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Re: Expansion/quoting quirks

Thorsten Meinecke wrote:
> echo `echo \\\\`    # broken in hzoli, and in vanilla zsh if invoked as (k)sh

Yes, that's really broken.  However echo is not good for testing here since
shells are diffen in how they interpret escape sequences in echo.  It's better
to alias echo to 'print -r --'.  With zsh it is enough to set the bsdecho
option.  This bug appeared with the input patches from Peter.  The following
happens:  the \\\\ within `...` is parsed as Bnull\Bnull\.  The lexer is
called again with that and it thinks that the first \ quotes the Bnull.  The
last \ then a parse error.  Below is a patch to input.c to drop tokens from
the input.  These returned tokens caused some other bugs earlier and it can be
dangerous when a script contains some tokens.

> echo "$(echo \\\\)" # sh and ksh seem to differ here (bash would give `\\')

sh should give two slashes.  The difference is probably in the escape handling
of sh.

> nargs ${undef-"a b"}             # vanilla + hzoli: shouldn't split here

That's difficult.  sh_word_split splits the result of a parameter expansion.
Here the result is 'a b' which is split to 'a' 'b'.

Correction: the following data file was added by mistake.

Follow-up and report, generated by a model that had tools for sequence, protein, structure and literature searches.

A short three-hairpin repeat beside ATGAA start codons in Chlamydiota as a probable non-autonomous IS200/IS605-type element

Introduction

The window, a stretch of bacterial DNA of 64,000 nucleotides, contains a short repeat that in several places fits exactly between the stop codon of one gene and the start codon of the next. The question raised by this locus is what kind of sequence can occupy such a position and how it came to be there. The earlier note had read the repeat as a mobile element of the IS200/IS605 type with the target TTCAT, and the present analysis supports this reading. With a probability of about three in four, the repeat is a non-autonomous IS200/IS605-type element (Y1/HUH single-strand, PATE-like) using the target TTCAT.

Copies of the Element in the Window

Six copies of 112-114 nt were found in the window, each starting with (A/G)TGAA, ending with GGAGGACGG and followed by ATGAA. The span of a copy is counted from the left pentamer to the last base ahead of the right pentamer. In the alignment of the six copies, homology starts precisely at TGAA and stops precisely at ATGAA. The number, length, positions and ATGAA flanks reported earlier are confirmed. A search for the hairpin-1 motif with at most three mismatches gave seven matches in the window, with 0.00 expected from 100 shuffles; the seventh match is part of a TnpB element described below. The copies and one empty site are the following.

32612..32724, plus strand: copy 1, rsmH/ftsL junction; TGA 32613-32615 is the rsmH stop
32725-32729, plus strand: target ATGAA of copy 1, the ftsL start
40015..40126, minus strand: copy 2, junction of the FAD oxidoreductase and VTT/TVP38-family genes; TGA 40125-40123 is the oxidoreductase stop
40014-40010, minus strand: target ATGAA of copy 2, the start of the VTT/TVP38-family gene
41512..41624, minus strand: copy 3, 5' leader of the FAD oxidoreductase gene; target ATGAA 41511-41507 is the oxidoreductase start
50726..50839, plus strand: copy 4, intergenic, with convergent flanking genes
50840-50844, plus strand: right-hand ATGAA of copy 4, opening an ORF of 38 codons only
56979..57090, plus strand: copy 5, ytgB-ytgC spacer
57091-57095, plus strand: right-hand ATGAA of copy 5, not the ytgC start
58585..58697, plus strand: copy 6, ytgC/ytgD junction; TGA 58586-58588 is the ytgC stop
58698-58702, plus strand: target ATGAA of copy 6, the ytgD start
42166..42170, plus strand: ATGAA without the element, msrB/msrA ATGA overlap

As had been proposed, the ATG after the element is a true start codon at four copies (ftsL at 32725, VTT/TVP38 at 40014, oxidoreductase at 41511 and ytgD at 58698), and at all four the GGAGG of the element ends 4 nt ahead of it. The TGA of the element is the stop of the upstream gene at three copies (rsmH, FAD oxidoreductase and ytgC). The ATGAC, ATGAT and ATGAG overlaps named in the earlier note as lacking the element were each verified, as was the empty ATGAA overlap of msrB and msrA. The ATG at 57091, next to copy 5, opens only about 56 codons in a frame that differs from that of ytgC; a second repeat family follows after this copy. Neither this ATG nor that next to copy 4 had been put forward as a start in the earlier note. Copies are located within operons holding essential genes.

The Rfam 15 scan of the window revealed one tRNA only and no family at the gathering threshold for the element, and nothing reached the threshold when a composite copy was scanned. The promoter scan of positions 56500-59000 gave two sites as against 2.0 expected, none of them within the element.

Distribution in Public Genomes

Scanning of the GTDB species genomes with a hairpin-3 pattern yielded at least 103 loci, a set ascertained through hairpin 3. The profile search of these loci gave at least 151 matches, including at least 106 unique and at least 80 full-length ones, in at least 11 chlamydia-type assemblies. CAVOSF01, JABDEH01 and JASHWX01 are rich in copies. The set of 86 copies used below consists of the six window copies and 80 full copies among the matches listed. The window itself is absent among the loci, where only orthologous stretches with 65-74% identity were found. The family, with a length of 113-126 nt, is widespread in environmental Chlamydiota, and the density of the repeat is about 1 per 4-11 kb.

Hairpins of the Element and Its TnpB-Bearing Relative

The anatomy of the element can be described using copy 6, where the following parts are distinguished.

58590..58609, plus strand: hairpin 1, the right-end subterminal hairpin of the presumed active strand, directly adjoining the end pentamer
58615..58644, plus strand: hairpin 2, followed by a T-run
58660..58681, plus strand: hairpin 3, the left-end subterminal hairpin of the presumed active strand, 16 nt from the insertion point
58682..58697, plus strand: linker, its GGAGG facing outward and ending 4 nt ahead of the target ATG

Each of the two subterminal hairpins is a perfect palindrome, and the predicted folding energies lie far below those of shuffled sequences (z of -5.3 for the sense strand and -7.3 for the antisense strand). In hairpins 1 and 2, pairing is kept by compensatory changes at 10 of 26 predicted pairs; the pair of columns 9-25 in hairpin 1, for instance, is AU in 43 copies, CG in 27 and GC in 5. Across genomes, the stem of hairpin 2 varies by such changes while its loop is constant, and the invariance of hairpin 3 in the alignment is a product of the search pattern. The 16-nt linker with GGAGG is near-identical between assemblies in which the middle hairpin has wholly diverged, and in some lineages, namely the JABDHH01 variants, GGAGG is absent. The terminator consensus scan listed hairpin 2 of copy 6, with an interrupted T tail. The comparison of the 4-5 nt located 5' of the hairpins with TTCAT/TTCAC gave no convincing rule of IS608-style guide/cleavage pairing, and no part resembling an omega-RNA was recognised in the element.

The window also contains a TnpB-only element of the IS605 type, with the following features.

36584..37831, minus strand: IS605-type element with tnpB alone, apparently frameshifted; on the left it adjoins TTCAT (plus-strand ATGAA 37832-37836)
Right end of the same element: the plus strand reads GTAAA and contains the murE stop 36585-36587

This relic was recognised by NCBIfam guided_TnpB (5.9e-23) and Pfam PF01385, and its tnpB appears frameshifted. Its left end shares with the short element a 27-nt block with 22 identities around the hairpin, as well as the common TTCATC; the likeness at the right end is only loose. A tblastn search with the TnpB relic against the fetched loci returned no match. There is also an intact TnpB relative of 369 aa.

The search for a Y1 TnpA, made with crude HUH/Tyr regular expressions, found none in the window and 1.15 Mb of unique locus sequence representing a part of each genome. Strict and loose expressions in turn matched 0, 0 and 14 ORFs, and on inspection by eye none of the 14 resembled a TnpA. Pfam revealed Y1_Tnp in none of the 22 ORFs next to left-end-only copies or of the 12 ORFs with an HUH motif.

> #% argc=3, argv=( 'a b' '' 'c' )
> nargs ${undef-"$@"}              # hzoli: 'a b' shouldn't split into 'a' 'b'

Same as the previous example.

> #% argc=3, argv=( 'a b' '' 'c' )
> nargs "${undef-"$@"}"            # hzoli: zsh: closing brace expected

That's because the second " closes the first.  It would be easy to fix it.

My problem is that I do not know what is the standard behaviour here.  My
library does not have the relevant POSIX papers.

It would be important to know how to parse these things.  It seems that the
lexer should be called on the body of ${...-...}.  I'll try to fix these if
someone tells me what the standards say here.  I have ksh93.  May I assume
that ksh93 behaviour is the standard?

The most difficult part here is ${...##...}.  Here the body should be
interpreted as a pattern.  Here the expanded body shoud be parsed again for
quotes.  E.g. foo='te\s\t' bar='\s\t' ; echo ${foo%%$bar} does not removes the
tail of foo since \ only escapes the s and t.  But foo='te"st"' bar='"??"'
echo ${foo%$bar} does remove the tail.



diff -c Src/input.c~ Src/input.c
*** Src/input.c~	Sat Nov  4 09:47:43 1995
--- Src/input.c	Mon Nov  6 17:50:17 1995
*** 109,115 ****
  	if (inbufleft) {
! 	    return lastc = (unsigned)*inbufptr++;
  	 * No characters in input buffer.
--- 109,118 ----
  	if (inbufleft) {
! 	    lastc = (unsigned)*inbufptr++;
! 	    if (itok(lastc))
! 		continue;
! 	    return lastc;
  	 * No characters in input buffer.

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